Article - Open Access
Journal of College Science Teaching
National Science Teachers Association
Students often struggle in introductory health sciences courses; some students have difficulty in upper level classes. To address this, we converted three lecture/lab courses, traditional firstyear Anatomy and Physiology (A&P I), upper level Biomechanics, and upper level Microbiology to an integrated studio model. We used the Student Assessment of Learning Gains perceptual survey to assess student and instructor reactions to the change and analyzed rates of unsatisfactory grades and quiz performance. Reaction (220 students, 15 instructors) to the new model was highly positive, and performance improvement was seen. Student perceptions were consistent across courses and agreed closely with instructor perceptions. Performance improvements were seen in reduced C–, D, F, W (Withdrawal) rates in A&P. There was no clear pattern in quiz performance, despite reduced in-class time. With typically high grades in upper level courses, we saw no change in performance in biomechanics, while student satisfaction was high in biomechanics and in microbiology. These results, with increased efficiency in staffing time and scheduling, have led us to convert all department lecture-lab courses to the studio format.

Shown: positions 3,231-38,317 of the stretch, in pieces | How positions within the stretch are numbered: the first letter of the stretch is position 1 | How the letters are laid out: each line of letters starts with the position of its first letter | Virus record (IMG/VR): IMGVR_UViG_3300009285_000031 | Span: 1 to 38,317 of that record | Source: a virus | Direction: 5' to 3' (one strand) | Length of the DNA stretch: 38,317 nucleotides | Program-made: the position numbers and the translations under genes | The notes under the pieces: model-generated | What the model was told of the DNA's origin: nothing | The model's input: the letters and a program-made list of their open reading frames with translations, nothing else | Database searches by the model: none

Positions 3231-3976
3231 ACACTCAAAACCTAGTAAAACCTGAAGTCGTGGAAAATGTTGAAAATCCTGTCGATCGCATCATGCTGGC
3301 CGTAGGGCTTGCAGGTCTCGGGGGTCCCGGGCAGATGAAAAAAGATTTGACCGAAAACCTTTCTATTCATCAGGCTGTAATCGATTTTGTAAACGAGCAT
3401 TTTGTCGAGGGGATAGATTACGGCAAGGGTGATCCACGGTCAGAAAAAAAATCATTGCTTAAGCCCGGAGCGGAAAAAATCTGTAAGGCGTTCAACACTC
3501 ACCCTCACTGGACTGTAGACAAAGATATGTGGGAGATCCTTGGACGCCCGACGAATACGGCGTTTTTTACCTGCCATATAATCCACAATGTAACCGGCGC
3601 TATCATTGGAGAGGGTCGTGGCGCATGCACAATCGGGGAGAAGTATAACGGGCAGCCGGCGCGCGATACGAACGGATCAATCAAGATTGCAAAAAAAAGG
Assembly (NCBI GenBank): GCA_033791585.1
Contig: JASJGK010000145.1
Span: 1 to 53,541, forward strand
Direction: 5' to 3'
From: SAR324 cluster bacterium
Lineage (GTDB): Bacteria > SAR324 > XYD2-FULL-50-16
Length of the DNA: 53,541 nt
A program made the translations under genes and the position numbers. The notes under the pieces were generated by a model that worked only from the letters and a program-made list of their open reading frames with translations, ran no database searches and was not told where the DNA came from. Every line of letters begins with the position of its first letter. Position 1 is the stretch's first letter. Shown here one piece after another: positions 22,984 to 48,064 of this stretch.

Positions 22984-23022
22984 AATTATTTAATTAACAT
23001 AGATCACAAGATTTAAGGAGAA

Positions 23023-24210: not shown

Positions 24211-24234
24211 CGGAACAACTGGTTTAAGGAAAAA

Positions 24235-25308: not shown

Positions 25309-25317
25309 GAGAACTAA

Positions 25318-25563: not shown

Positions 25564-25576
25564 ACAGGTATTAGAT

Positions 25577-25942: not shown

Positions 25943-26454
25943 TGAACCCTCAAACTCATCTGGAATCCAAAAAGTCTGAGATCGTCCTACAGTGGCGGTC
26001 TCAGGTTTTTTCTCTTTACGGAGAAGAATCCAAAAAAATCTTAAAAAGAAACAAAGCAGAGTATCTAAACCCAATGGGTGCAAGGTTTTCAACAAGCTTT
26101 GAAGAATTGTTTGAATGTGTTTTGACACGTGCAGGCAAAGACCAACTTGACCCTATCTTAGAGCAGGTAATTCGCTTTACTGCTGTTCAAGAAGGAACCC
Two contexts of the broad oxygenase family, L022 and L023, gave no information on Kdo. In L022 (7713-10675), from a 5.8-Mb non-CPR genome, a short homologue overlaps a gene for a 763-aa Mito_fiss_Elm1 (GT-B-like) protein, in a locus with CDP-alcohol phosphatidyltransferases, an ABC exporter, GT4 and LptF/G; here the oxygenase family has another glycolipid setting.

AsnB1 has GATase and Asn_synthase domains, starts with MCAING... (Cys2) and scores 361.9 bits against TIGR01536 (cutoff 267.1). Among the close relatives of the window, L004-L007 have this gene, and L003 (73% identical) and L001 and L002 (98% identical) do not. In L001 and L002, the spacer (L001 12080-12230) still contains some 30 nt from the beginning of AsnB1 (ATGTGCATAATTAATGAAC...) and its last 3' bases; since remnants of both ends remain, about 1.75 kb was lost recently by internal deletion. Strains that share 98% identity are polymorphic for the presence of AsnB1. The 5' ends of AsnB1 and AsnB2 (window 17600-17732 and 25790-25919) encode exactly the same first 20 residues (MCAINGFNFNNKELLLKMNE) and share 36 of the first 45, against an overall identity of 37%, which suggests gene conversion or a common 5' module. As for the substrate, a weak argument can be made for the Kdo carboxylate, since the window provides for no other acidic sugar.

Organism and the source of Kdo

Finn, K. E.,
(2017). Integrating Lecture and Laboratory in Health Sciences Courses Improves Student Satisfaction and Performance. Journal of College Science Teaching, 47(1), 66-75.
Available at: http://scholarworks.merrimack.edu/health_facpubs/59
Published with permission from NSTA. http://www.nsta.org/college/